Well, that's what happened in Lloyd today. That and a little yard work and a nap and Mr. Moon is now in the process of cleaning out his old bathroom and getting it ready for, as he calls it, demo. 
I think he's been watching quite a bit of Fixer Upper. Which is fine by me.
Demo away. Do what you gotta do.
I love that man.

Let's all sleep well tonight.

Love...Ms. Moon


  1. Mr Moon is great.

    My mother killed any chickens that needed killing at our house, because my father couldn't do it. I don't disrespect that, I couldn't do it either, but there's a bravery to being able that I admire. Mr Moon is generally great, obviously, not just because he can kill a chicken.

    And your neighbour sounds quite wonderful.

    As to dispatching the roosters... well, beats getting thrown in a grinder at a day old. They had very, very nice lives.

  2. I am delighted to hear this.

    My girls all but one now have their feathers back. they came to me in April of last year with many feathers missing from their overactive rooster, and it took until now for them to return. they do look fine now.

  3. I bet Mr. Moon will have a lot of fun with his demo. Be sure to take before and after pictures of the project! I'm glad your rooster problems have been put to rest. We do what we have to.

  4. I think your distant neighbor sounds like a very kind man. I can feel it in my heart, how much he appreciated your roosters and your greens. Sorry about the Roo's but yes, it is difficult for a normall peaceful flock to live in constant terror. After my last roo, I decided I would never go through that again, nor subject my hens to it. I hope Lucy heals and recovers well. You are a lucky woman....and your husband a lucky man
    susan M

  5. I think your rooster decision was sound. And it was done humanely.

  6. You have such interesting neighbors. Mine are just... weird.

    There was no easy answer to the problem with your roosters. Sometimes we just have to choose the best of the difficult decisions. And someone who has trouble coming up with $18.00 is likely going to really enjoy a chicken dinner.

  7. The only way I can deal with your rooster news is to think of them as rapists. I don’t know if it’s my lifelong city upbringing but the thought of killing any animal freaks me out. My mother’s father was a Rabbi and story has it that he killed and blessed chickens in a certain way so they were kosher. I heard that if you cut a chickens head off the chicken still runs around. I can’t even imagine. What is a humane way of killing a chicken? I am not putting anything you’ve done down, I swear. I just need to know. I love your Mr Moon. And Maurice. And you too. I went to Elizabeth’s reading today and we talked about how we love you. Oh what I’d give to meet you, Rebecca, and Angela. One day it will happen. Joanne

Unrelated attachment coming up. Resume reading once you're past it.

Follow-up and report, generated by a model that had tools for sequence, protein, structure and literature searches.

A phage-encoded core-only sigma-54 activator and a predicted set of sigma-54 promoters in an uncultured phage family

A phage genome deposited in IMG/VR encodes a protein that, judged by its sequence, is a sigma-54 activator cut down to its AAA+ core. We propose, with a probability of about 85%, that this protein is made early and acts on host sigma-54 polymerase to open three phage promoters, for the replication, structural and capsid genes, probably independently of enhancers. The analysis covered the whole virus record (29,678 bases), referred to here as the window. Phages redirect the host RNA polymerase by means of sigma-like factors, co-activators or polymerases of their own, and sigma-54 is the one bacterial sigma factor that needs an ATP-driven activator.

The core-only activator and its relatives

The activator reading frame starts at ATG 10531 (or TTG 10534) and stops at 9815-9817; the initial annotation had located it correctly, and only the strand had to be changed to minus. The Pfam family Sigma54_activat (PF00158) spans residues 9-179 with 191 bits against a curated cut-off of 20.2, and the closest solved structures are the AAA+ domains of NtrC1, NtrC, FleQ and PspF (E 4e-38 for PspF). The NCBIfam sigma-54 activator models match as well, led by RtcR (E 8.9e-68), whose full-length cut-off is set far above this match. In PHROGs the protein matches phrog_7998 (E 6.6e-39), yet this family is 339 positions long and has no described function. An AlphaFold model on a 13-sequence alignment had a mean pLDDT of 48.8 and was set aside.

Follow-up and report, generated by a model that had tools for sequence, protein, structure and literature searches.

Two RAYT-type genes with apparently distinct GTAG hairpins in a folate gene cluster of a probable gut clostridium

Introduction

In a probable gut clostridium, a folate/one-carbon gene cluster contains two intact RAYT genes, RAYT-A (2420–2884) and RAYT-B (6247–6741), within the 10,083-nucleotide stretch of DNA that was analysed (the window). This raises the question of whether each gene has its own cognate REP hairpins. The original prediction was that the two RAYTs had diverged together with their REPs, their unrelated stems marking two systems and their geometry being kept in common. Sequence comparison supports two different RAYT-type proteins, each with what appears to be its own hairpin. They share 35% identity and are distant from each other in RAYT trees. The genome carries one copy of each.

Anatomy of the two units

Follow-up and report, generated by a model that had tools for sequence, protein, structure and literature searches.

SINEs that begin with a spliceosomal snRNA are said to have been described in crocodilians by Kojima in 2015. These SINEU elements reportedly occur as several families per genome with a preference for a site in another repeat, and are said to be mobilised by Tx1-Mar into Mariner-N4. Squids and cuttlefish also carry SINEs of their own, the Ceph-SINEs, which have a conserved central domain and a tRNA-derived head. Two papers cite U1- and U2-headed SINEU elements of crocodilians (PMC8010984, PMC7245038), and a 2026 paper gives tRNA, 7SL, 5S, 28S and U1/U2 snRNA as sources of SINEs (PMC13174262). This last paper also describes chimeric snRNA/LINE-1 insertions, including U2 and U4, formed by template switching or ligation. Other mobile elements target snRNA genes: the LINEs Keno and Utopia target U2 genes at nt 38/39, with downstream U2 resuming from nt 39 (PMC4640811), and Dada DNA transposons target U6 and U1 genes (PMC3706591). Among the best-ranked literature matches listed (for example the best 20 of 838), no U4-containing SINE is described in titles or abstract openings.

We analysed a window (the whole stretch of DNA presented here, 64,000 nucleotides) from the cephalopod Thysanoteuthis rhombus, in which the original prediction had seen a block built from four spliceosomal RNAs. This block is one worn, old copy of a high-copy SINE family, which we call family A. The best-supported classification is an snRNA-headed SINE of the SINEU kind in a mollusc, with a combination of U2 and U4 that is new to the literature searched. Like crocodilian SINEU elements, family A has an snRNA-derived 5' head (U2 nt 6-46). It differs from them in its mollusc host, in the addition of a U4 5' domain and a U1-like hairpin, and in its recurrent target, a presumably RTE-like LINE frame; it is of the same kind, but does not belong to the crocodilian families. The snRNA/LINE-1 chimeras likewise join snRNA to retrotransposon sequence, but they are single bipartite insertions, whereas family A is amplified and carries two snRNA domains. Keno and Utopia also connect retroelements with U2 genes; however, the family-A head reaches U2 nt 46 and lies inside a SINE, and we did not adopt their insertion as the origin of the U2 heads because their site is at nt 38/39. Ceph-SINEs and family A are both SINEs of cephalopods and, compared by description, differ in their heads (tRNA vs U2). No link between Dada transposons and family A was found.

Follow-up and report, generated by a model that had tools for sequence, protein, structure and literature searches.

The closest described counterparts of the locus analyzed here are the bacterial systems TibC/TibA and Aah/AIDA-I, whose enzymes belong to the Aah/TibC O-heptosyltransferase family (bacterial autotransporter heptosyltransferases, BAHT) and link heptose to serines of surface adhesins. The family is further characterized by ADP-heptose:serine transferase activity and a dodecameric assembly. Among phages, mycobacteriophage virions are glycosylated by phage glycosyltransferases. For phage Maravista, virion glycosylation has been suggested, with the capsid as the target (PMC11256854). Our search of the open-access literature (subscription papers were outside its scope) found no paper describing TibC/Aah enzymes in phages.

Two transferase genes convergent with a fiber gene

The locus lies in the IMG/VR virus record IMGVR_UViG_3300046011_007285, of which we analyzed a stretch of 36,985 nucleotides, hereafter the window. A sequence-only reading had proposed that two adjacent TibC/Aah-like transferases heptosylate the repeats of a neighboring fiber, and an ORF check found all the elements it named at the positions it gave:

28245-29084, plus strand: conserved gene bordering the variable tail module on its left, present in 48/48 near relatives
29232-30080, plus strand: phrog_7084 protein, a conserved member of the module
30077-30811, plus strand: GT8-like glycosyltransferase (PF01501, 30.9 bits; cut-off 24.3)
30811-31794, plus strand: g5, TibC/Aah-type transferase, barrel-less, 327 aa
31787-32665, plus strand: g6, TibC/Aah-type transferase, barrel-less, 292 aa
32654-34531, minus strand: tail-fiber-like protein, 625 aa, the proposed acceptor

8. Your neighbor sounds so nice-- "Just you asking is a gift"--that I'm glad the roosters went to him. And the greens. That man had a good dinner tonight and the chicken problem was solved in the best possible way.

    Sweet dreams, dear Moon family!

  9. You have a fantastic husband. And your interesting neighbor had a good meal tonight. And the hens have some peace.

  10. I eat very little meat as it happens but I think that the important thing is that the animal has a good life. The roosters wouldn't have been there if they hadn't been needed, so you made sure they had the gift of life, and they were happy - even if the hens weren't!!!

  11. Your Neighbor sounds Wonderful...

  12. I love that story about your neighbor. I remember when Mr. Moon bought that plant stand! As for the roosters, they got what was coming to them, and as you said, at least someone is using the meat.

    1. And actually, as Jo said above, they would have been promptly killed as chicks at a commercial chicken farm. So you have them much more of a life than they would ever have had otherwise.

  13. this may be one of my favorite posts. I love your neighbor. I love you. and too many roosters are not good. the right thing was done. we have become so far removed from our food that I do believe people would starve to death if the grocery stores closed.

  14. Your neighbor sounds a like lovely, gentle soul.